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Minerva Urologica e Nefrologica 2019 April;71(2):101-12

DOI: 10.23736/S0393-2249.19.03317-4


lingua: Inglese

Bladder-sparing treatment in MIBC: where do we stand?

Srikanth MURALI-KRISHNAN 1 , Karl H. PANG 2, Francesco GRECO 3, Cristian FIORI 4, James W. CATTO 1, 2, Vittorio L. VAVASSORI 5, Francesco ESPERTO 1, on behalf of EAU-ESRU (European Associations of Urology-European Society of Residents Urologist)

1 Department of Urology, Royal Hallamshire Hospital, Sheffield Teaching Hospital, Sheffield, UK; 2 Unit of Academic, University of Sheffield, Sheffield, UK; 3 Department of Urology, Humanitas Gavazzeni Hospital, Bergamo, Italy; 4 Department of Urology, University of Turin, San Luigi Gonzaga Hospital, Orbassano, Turin, Italy; 5 Department of Radiation Oncology, Humanitas Gavazzeni, Bergamo, Italy

INTRODUCTION: The gold-standard treatment of muscle-invasive bladder cancer is radical cystectomy (RC), but this can be associated with morbidity and perioperative risks. Patients may not be fit for RC or choose to preserve their bladders. There are evolving bladder-sparing treatments that are often delivered in a multimodal approach. Here, we aim to review recent advances in bladder-sparing treatments.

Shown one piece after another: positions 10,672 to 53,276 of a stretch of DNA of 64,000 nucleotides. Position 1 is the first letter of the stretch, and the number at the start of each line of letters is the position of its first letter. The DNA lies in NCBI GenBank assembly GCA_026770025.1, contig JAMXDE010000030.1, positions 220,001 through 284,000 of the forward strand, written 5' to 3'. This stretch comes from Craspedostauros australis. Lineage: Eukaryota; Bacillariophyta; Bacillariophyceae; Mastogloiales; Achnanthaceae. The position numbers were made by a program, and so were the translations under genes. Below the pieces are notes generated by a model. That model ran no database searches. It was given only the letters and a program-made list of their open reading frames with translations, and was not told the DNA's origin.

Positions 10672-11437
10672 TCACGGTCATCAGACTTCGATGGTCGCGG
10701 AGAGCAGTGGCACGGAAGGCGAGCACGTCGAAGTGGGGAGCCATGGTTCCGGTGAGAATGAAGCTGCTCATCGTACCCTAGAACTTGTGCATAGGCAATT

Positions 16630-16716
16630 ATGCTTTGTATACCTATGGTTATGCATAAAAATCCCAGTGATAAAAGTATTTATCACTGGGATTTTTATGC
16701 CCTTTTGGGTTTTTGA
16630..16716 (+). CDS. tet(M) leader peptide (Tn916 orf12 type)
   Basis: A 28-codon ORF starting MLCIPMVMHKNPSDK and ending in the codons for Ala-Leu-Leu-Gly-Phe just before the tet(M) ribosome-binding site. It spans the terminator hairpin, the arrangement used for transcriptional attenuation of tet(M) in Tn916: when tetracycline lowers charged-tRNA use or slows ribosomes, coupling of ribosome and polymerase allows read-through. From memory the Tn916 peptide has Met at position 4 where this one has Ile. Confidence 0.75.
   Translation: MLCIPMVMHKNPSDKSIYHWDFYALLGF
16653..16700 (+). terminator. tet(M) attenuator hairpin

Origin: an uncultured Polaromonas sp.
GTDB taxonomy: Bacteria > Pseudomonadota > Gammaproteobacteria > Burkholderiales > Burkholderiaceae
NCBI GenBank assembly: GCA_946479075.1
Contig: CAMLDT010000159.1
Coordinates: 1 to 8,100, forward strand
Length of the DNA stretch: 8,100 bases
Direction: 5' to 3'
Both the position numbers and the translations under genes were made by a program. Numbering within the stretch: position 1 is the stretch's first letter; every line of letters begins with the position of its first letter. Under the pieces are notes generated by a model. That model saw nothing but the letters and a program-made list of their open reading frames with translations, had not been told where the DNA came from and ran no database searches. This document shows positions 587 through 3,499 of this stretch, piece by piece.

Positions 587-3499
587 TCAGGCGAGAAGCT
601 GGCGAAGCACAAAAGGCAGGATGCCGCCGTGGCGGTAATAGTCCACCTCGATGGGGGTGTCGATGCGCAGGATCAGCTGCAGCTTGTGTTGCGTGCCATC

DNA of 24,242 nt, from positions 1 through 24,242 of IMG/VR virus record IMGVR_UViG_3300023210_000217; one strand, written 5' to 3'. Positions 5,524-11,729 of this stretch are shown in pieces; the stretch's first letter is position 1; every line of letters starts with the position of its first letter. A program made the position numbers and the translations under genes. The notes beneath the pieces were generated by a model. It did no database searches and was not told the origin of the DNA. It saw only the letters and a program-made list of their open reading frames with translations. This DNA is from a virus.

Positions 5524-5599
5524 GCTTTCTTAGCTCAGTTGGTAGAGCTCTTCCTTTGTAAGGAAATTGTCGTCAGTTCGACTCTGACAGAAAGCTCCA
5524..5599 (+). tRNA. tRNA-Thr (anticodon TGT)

EVIDENCE ACQUISITION: We undertook a narrative review informed by a Medline/PubMed literature search using a combination of terms for recent (5 years) articles in English. Relevant studies from authors’ bibliographies were retrieved.
EVIDENCE SYNTHESIS: Bladder-sparing treatment consists of transurethral resection of bladder tumour (TURBT), radiotherapy and chemotherapy. Experimental approaches with immunotherapy and using gene signatures for radiation therapy and chemotherapy response are being explored.
CONCLUSIONS: Bladder-sparing treatment is an option for patients with bladder cancer. Those who may benefit most are those with solitary invasive cancers, those with good bladder capacity and compliance, those who choose to preserve their bladder and sexual function and who are not fit for RC. Multimodal bladder-sparing approaches may have comparable oncological outcomes to RC and so appear an attractive alternative in suitable patients.

KEY WORDS: Urinary bladder neoplasms; Radiotherapy; Drug therapy; Immunotherapy

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